The things that Kick Ass 2 does well are the same things that Kick Ass did well. It develops the villains and makes them a lot more interesting and entertaining than Millar managed to do. And Jim Carrey steals every scene he’s in as Captain Stars and Stripes, even if he’s unrecognizable and decided to take his name out of the credits.

What it fails at is developing the heroes. If Kick Ass 2 had done as much for the development of the heroes as it did in developing Chris and his relationship with his father’s bodyguard and the attention it lavished on Mother Russia, it would be a good movie.

But no such luck.

The heroes get scaled down to dumber costumes. And Insect Man is traded for a guy who is there for comic effect. Hit Girl’s big conflict is wanting to date and be a cheerleader.

Evil has a solid trajectory. Good doesn’t.

Kick Ass 2 thinks the villains are a lot more entertaining than the heroes. But a movie where the villains are solidly developed and the heroine is off doing Mean Girls doesn’t work. The movie straddles this disconnect by not going too dark. The Captain’s dog lives. Katie doesn’t get raped. Kids don’t get shot. And that takes the energy Kick Ass had off the table.

Kick Ass went places you didn’t expect. With Kick Ass 2 you know who’s going to get eaten by the shark long before it happens.

Kick Ass 2’s big mistake is that it gets too comfortable being a comedy that it doesn’t think too much about the superhero stuff. It goes for easy laughs by building up the villains and lowering the stakes. It forgets that there already was a superhero comedy and this isn’t it.

Kick Ass backed out of the some of the comic’s darker moments, but it was smarter about what it replaced them with. Kick Ass 2 has nothing to replace them with.

Is It A Bird? Is It A Plane? It’s A Comic Book Stunt?

Superhero comics run on the old serial narrative. Hero faces death. Hero is threatened by death. Then Hero saves the day. And then after a few hundred issues you have to give the threat some credibility by killing the Hero. Then you replace him with something else. Then you bring him back.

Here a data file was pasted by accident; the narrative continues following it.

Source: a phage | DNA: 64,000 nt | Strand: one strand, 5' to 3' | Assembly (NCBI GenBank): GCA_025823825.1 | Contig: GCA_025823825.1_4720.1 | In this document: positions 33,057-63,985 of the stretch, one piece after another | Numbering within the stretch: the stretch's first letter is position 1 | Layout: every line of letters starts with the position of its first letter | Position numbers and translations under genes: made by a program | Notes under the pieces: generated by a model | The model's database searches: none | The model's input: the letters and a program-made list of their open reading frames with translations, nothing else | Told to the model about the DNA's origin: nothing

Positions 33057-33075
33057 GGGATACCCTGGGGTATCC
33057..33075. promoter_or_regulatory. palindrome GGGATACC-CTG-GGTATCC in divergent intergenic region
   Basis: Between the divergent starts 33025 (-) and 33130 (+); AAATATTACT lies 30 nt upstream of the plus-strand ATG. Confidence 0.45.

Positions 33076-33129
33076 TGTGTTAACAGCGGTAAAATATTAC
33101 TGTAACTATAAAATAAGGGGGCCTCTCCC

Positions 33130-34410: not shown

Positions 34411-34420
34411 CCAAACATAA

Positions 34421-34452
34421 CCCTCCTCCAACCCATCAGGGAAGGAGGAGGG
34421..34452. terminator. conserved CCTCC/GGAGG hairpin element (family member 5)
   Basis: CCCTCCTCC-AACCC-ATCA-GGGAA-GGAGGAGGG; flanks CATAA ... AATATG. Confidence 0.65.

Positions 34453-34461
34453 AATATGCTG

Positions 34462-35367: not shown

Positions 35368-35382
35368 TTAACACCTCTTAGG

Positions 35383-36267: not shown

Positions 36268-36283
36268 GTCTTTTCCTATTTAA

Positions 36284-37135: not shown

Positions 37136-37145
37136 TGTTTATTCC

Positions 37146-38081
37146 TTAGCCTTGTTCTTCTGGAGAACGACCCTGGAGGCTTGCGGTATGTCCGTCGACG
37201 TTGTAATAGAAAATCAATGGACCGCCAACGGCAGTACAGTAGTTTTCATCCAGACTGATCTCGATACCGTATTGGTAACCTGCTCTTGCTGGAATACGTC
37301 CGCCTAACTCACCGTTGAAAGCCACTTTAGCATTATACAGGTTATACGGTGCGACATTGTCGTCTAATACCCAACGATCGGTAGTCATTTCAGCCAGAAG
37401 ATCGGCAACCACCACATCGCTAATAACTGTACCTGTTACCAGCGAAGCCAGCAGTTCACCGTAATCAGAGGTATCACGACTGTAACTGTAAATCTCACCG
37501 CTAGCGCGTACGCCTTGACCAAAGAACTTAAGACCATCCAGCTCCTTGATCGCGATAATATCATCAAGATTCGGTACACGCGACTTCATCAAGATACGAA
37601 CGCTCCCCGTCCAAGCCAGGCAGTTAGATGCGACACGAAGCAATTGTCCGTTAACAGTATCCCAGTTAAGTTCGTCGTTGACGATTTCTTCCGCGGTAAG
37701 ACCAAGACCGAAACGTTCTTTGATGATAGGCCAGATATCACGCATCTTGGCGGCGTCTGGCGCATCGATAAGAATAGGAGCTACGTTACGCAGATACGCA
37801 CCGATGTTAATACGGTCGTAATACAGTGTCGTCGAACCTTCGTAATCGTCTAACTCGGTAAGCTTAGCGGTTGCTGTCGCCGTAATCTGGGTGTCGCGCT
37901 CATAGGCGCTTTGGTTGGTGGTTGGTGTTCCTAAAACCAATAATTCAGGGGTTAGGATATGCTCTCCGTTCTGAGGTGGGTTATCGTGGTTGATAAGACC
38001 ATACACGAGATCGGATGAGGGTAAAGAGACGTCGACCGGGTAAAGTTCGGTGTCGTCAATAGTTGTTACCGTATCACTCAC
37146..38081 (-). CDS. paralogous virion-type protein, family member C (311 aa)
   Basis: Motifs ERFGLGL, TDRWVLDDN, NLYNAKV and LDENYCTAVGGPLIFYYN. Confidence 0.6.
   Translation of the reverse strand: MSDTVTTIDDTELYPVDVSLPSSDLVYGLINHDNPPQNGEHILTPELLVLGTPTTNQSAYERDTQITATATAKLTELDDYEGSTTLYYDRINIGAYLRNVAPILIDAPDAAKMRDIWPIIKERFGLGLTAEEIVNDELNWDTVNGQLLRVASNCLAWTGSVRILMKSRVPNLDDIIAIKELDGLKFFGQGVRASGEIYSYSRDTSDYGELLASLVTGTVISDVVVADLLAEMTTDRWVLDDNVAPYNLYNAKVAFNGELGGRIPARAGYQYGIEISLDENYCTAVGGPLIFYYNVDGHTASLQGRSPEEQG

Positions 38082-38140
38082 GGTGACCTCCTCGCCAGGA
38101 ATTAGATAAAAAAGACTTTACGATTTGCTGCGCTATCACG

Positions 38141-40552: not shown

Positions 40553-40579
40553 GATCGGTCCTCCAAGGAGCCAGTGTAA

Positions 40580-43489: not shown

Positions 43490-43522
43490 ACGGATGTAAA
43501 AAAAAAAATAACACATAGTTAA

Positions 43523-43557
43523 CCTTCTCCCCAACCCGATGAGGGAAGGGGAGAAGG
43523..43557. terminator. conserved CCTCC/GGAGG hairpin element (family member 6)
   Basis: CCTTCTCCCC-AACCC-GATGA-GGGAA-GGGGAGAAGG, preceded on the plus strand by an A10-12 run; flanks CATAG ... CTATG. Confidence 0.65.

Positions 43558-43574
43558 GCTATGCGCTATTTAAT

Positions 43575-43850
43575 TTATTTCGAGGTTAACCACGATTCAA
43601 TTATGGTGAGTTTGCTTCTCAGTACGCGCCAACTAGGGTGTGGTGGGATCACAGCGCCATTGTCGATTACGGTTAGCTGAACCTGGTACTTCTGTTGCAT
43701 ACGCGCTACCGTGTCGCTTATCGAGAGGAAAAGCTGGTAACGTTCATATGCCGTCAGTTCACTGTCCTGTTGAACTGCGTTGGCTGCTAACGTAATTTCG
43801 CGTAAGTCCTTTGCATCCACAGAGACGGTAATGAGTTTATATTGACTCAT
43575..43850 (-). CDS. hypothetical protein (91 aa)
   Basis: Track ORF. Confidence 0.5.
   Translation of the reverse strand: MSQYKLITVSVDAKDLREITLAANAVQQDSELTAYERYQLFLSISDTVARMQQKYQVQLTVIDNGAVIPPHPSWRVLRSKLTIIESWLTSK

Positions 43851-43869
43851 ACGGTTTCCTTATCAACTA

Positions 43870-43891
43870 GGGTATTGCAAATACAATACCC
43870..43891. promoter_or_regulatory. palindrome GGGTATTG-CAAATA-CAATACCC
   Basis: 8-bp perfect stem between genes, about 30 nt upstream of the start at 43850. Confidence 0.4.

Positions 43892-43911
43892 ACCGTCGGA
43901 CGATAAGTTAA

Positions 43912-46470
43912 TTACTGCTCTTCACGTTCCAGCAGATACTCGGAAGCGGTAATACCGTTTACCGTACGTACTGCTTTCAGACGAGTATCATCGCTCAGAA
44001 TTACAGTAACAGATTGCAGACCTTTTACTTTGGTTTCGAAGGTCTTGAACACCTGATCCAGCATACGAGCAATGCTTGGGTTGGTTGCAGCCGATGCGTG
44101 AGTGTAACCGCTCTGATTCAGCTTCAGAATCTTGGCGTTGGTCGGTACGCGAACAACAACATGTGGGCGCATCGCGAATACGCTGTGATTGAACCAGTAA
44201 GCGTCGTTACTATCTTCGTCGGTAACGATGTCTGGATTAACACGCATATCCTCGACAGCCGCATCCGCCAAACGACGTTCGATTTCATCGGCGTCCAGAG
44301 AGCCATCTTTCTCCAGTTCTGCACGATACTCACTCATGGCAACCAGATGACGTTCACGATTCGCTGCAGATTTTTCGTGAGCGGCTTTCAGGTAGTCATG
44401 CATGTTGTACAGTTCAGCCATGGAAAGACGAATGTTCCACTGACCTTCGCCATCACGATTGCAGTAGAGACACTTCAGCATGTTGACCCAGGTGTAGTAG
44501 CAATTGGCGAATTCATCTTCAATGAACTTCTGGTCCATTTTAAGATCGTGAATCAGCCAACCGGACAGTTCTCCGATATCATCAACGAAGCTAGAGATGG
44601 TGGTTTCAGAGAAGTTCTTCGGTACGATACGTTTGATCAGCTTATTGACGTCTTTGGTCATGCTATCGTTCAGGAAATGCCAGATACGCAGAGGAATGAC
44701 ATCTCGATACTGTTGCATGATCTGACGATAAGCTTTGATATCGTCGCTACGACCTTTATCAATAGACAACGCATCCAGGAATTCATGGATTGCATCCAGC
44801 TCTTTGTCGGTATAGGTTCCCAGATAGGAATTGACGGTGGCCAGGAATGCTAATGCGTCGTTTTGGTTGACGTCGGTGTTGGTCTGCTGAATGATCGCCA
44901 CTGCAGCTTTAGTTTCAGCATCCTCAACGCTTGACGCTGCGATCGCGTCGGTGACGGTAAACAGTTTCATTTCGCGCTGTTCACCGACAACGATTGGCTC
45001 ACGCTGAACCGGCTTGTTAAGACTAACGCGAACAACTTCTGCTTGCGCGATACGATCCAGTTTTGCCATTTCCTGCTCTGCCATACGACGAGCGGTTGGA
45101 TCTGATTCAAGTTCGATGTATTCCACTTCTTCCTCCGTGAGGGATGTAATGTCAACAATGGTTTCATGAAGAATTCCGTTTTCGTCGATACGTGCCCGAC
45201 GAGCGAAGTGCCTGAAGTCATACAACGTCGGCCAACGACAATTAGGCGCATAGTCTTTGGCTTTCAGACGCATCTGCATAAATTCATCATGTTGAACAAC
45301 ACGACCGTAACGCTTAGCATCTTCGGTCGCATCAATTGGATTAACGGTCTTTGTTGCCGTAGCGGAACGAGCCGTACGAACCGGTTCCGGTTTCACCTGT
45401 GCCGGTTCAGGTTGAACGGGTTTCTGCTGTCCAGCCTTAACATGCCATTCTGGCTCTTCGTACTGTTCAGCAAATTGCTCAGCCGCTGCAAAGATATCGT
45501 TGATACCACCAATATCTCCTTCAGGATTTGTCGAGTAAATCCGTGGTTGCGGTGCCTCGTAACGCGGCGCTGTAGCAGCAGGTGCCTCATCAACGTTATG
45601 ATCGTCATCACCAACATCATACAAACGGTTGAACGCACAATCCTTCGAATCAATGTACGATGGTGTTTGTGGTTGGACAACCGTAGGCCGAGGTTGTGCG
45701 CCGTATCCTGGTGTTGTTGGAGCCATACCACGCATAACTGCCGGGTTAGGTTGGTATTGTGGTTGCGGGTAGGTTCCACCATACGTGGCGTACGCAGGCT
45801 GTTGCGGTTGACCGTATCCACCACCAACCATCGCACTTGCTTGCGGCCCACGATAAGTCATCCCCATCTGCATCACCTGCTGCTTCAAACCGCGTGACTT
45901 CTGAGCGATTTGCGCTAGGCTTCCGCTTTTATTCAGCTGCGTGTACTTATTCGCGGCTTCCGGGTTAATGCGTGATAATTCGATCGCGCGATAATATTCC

Four Supermans. Three Batmans. Doc Ock as Spiderman. And then once you’ve shaken things up, cleared the ground, you use that 8f_118056_0_SupermanVol1250HaveHorseWillFlas an opportunity to give the whole thing a fresh look before going back to the way things were all along.

Nothing really changes in comic books. That’s truer than ever because the comic book audience is now 40 year old males and they want more sophisticated storytelling without changing the stuff they grew up with. Those two are irreconcilable. And this is how you reconcile them. You make big changes and then reset them. Spiderman reveals his secret identity and then makes a deal with the devil to undo it. Big stuff happens and then it doesn’t. Everything changes and then it doesn’t.

The one thing that comic publishers fear for their IPs, even big ones like Spider-Man, is that they will be shelved and ignored. Event comics are a cry for attention. Making big changes gets readers to browse it on their iPads one more time. They make it seem like the comic is going somewhere when it’s not. When it can’t.

What can you really do with an iconic character that hasn’t been done before? Nothing.

Every comic book character has died, been replaced, had to kill, been accused of murder, lost the loves of their life, been defeated, had their identity exposed etc…

There is nothing else to do. Not a thing. Oh you can make him gay. That’s about it. And then change him back. See Vampire Slayer, Buffy. And once every comic has done its gay love story, there will be even less out there.

Superhero comics stopped being relevant a while back. Even Spider Man, one of the younger of the top superhero comics, is out of it. These aren’t stories, they’re IPs. Like Mickey Mouse or the Simpsons they’re just around because people remember them and kids buy the merchandise. That’s it.

There are no more stories left to tell. Just lunchboxes to sell. Or Apps. And the kids who buy Spider Man gear aren’t reading the comics now, they’re seeing the cartoons or the movies.

The comics began it all, but now they’re just this odd relic tagging along. Disney isn’t interested in Spider Man because it wants to sell Spider Man comics, but because it wants to make Spider Man movies.